While it’s certainly true that the new configuration on Mission Street has caused some disruption and side-street spillover, it’s not at all clear the program should radically revised right now.  A “Transit First” policy is city law, after all, and it takes time for old habits to change and new traffic patterns to become familiar. Best of all, there are already signs that the red carpets and mandatory turns are working as intended; MUNI riders say the changes have dramatically improved bus service along Mission Street:

Writing at the N Judah Chronicles, transit blogger Greg Dewar says the backlash typifies why it’s so devilishly hard to make MUNI the much-better transit system everyone says they want:

If you’ve ever wondered why it is hard to Get Things Done with Muni, the current brouhaha over improvements in the Mission to the 14 Mission, and to traffic in general is an example. Muni rolled out some significant improvements to the 14 Mission line, and already there’s “anger” from a few nuts online. The changes have had less than a few weeks to take hold, but apparently dealing with the changes is too difficult for some people to handle like adults – hence the temper tantrums online in places like the infamous “NextDoor.com” and in the media.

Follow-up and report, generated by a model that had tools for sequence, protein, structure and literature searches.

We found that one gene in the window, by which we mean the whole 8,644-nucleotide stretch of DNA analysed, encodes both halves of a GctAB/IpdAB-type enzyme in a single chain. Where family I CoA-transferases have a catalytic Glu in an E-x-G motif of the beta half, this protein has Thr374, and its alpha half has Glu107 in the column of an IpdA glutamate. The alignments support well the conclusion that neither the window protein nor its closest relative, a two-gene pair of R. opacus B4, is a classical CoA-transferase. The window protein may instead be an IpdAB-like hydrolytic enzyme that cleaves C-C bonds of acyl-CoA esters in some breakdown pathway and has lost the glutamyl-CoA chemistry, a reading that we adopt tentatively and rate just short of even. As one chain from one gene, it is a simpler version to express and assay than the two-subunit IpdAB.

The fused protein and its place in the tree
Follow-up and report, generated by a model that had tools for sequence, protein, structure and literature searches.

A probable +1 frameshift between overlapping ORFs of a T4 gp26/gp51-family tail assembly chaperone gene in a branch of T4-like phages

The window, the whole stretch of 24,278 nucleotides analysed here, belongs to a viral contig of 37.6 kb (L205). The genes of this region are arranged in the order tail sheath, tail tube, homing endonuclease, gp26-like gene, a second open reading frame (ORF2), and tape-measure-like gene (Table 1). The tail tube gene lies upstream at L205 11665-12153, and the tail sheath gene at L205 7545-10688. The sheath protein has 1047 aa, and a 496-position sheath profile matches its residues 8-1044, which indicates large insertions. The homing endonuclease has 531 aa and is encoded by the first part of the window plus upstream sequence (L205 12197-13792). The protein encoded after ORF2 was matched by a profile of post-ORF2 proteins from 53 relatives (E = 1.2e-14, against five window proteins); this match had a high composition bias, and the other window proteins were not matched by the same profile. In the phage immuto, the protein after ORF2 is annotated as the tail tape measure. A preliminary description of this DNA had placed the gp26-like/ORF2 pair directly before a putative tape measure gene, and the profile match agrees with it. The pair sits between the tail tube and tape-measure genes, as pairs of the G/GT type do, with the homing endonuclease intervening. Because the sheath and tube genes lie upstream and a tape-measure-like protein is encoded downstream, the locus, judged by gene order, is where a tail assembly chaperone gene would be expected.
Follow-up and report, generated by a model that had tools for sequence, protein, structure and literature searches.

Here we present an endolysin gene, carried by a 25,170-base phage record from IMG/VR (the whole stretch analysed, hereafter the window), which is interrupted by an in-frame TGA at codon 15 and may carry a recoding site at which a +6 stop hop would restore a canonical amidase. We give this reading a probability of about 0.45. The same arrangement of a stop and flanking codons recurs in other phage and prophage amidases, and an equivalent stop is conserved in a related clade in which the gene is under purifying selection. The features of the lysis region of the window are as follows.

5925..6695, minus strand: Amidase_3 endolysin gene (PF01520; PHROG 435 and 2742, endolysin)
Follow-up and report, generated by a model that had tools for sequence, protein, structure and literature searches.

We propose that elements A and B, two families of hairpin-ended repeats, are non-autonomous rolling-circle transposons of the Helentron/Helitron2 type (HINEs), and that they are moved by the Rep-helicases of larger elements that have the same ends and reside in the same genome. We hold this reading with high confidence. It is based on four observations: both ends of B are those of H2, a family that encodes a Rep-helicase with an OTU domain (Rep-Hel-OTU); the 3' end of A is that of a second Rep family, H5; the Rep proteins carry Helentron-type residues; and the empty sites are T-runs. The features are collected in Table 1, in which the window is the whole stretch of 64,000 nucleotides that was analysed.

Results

These folks have found politicians eager to score political points, enough so that the SFMTA may back down on plans it has been working on for almost TEN years (and about a zillion “community meetings” in the process).

The SF Transit Riders, a grassroots organization that represents public transit users, has launched a #KeepMissionRed campaign to support the red carpet lanes:

Starting in March, after a decade of numerous community discussions, planning and studies, Muni finally started installing transit priority treatments on Mission Street. Just a month in and despite flagrant violations by drivers, they are already benefiting riders by making their rides faster and more reliable.

However, there has been a major backlash against these changes, and some, in particular Supervisor David Campos, have called for rollback of this major progress. It is a betrayal of the 65,000 riders who are served by the 14, 14R and 49 buses, as well as a betrayal of the Transit First charter of this city.